Pollution cuts life expectancy, threatens child development in Europe


Environmental policy across the pan-European region is hampered by gaps in information and implementation, according to a new European Environment Agency (EEA) report.

The report, ‘Europe's environment — The fourth assessment’, was presented in Belgrade, Serbia, at the opening session of the sixth ministerial conference of the ‘Environment for Europe’ process held under the auspices of the United Nations Economic Commission for Europe (UNECE).

The latest in a series of assessments of the pan-European environment published by the EEA over the past 15 years, the report assesses environmental progress in 53 countries — an area with a total population of more than 870 million people. The region includes: Eastern Europe, Caucasus and Central Asia (EECCA), South East Europe (SEE), as well as Western and Central Europe (WCE).

Most of the environmental pressures in the region stem from economic activities such as agriculture, tourism, transport and energy, the report says. Current patterns of consumption and production also place an increasing demand on natural resources, putting our environment at further risk. Associated impacts are wide-ranging: water, air and soil quality differ greatly across the pan-European region. More than 100 million people do not have access to safe drinking water and sanitation.

In many countries in Eastern Europe, Caucasus, Central Asia and South East Europe the quality of water supply and sanitation has deteriorated over the past 15 years with the rural population being most affected, the report says. Despite some success with air pollution, current levels — mainly nitrogen oxide, fine particles and ground-level ozone — are estimated to shorten average life expectancy in Western and Central European countries by almost a year and to threaten the healthy development of children.

In Eastern Europe, Caucasus and Central Asia, the situation is assumed to be similarly bleak: here most air polluting emissions have increased by 10 % since 2000 as a result of economic recovery, increases in volume of transport and persisting poor effectiveness of air pollution policies. The report, which includes a comprehensive assessment of the marine environment across the pan-European region, expresses particular concern regarding over-fishing, eutrophication and mounting pressures on coastal environments.

Major accidental oils spills have decreased in European seas. However, oil discharges from day to day activities are still significant. For biodiversity, the target of halting biodiversity loss by 2010 will not be met without considerable additional efforts. More than 700 European species are under threat from extinction, including a number of iconic species such as the Iberian lynx and the snow leopard, as a result of habitat destruction, degradation and disturbance. Impacts of climate change on society and natural resources are already visible worldwide.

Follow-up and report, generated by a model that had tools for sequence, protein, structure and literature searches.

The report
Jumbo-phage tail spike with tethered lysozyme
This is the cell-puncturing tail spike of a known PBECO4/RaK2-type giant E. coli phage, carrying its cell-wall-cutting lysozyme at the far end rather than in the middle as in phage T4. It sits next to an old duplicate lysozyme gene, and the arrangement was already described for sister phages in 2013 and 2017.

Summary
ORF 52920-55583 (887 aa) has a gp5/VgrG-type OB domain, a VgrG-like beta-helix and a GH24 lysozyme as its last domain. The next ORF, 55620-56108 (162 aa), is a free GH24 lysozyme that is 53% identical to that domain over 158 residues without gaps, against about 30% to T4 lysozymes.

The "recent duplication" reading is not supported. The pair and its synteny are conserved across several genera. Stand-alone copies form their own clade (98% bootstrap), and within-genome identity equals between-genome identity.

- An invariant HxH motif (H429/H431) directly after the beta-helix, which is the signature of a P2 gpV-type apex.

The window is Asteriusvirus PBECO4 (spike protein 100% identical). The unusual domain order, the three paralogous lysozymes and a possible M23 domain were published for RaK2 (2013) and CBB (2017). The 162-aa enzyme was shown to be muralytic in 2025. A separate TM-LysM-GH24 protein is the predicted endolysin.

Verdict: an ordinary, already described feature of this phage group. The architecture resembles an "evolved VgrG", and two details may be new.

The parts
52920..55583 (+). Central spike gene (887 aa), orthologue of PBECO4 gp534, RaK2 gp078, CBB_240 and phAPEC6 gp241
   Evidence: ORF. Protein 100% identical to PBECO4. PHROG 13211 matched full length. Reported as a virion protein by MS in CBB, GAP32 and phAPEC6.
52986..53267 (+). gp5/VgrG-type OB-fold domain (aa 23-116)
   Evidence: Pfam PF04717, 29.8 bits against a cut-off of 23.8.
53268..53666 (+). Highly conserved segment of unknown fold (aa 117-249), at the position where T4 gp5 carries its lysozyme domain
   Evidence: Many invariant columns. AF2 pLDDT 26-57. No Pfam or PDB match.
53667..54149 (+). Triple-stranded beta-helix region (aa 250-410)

They are projected to become even more pronounced — even if global emissions of greenhouse gases are reduced drastically. The report stresses the urgency of adaptation to the potential risks of future climate change impacts. “Ministers have designated the Belgrade conference to be a ‘conference of delivery’. Our report shows that there has been progress. We have reduced some air pollution and have improved wastewater treatment. However, in an era of change, major concerns remain, such as climate, biodiversity and environment-related health threats.

To respond to these complex environmental issues, we need continued cooperation across the pan-European region as well as targeted financial and technical support,” Professor McGlade said. Improved implementation of existing policies and the setting of clear, realistic targets is a key recommendation of the report. However, a shared environmental information system is also urgently required to deal with a prevailing lack of reliable, accessible and comparable environmental information across the region.

“We need to further strengthen the will to act on environmental issues across the pan-European region. This requires a better understanding of the problems we face, their nature and distribution across societies and generations. Analysis, assessment, communication and education will help overcome this ‘information gap’ and will better equip those who need to act,” said Professor Jacqueline McGlade, Executive Director of the EEA. Full report. (Press release: sciencedaily)

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